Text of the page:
Educators complain that smartwatches are distracting students, or worse, encouraging them to cut class, text friends, and even cheat. Teaneck, NJ-based education-technology coach Jeanne McVerry said although her district's tech-use policy does not expressly ban smartwatches, she strictly limits their use. Georgia-based high school math teacher Diana Johnson said constant interruptions from parents texting kids on smartwatches or phones break students' train of thought. Apple's new Schooltime feature allows Apple Watch wearers to block access to notifications and applications, including Messages, during school hours. San Mateo High School in northern California requires students to lock cellphones into secure pouches that prevent their use during school hours; the school does not yet have policies restricting the use of smartwatches or other digital devices.

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PHP Maintains Enormous Lead in Server-Side Programming Languages
Ars Technica
Jim Salter
September 13, 2021

A report by Web technology information platform W3Techs found that PHP remains the leading server-side language currently in use by a wide margin. W3Techs' Web server survey reviews technologies used on Websites in Alexa's top 10 million list, and includes a year-over-year chart beginning with January 2010. PHP commands a 78.9% share as of Sept. 13, up from 72.5% in 2010; the only other language showing significant expansion is Ruby, with a 5.2% share. The results indicate no clear challenger for PHP, with the decline of ASP.NET failing to increase the use of PHP or any other single language significantly.

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A whale’s fin emerging from the ocean. 'Whoop'—Autonomous Method Precisely Detects Whale Vocalizations
Florida Atlantic University News Desk
Gisele Galoustian
September 15, 2021

Florida Atlantic University (FAU) scientists applied artificial intelligence and machine learning (ML) in designing a technique for detecting the up-call or "whoops" vocalizations of the North Atlantic Right whale. The system uses Multimodal Deep Learning (MMDL) algorithms to assess acoustic recordings for the presence of up-calls, outperforming conventional ML methods. The researchers confirmed the MMDL model's efficacy for Right whale up-call detection with Cornell University's dataset. FAU's Laurent M. Chérubin said, "The near-zero false-positive, false-negative and false alarm rates indicate that this new MMDL detector could be a powerful tool in the detection and monitoring of the low density, endangered North Atlantic Right Whale, especially in environments with high acoustic-masking."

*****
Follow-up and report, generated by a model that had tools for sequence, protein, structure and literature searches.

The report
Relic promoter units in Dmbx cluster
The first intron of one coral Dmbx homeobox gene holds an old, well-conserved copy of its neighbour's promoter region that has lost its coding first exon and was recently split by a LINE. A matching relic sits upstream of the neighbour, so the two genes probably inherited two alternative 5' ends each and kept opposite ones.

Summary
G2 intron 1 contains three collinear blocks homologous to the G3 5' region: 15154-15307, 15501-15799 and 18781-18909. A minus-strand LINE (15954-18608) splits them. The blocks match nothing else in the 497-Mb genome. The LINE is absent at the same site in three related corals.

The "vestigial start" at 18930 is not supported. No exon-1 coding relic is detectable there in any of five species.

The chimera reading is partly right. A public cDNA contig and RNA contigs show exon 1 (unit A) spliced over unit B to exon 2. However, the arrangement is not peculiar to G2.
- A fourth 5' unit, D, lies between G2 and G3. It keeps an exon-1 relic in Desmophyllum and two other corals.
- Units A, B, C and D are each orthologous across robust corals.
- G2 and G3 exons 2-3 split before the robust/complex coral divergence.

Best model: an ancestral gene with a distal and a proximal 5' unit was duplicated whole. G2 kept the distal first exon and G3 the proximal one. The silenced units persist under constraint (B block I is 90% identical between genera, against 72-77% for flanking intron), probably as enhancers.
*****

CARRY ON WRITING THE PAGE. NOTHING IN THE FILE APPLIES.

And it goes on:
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The autonomous tugboat Nellie Bly at sea. Smart Tugboat to Journey More Than 1,000 Miles, Autonomously
Popular Science
Colleen Hagerty
September 14, 2021

A 35-foot-long tugboat carrying passengers will embark from Hamburg, Germany, on a 1,000-nautical-mile (1,150-mile) autonomous voyage around Denmark, using long-range computer vision and a sensor-to-propeller system called the SM300. Autonomous vessel software and systems developer Sea Machines Robotics said this technology enables "path-planning, obstacle avoidance replanning, vectored nautical chart data, and dynamic domain perception." U.S.-based commanding officers will be able to plan and monitor the voyage remotely, and reroute the tug if necessary. Sea Machines' Michael Johnson said, "Just as other land-based industries shift repetitive manual drudgery from human to predictable robotic systems, our autonomous technology elevates humans from controller to commander with most of the direct continuous control effort being managed by technology."

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A pixelated cloud. Encryption Technique Better Protects Photographs in the Cloud
Scientific American
Harini Barath
September 16, 2021

The Easy Secure Photos (ESP) tool created by Columbia University computer scientists can encrypt cloud-stored photos while still allowing authorized users to browse and display their images. ESP preserves blocks of pixels while shifting them around to obscure the image; it splits the photo into three separate files to contain its red, green, or blue color data, then scrambles the pixel blocks surrounding the files. The files remain valid, but appear as grainy black-and-white static to unauthorized users. The files can still be compressed and are compatible with many cloud storage platforms, so users with the right decryption keys can view them in their original form. Users also can access their photos from multiple devices via ESP, using a system in which each device has its own unique key pair.

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Providing Sound Foundations for Cryptography: On the Work of Shafi Goldwasser and Silvio Micali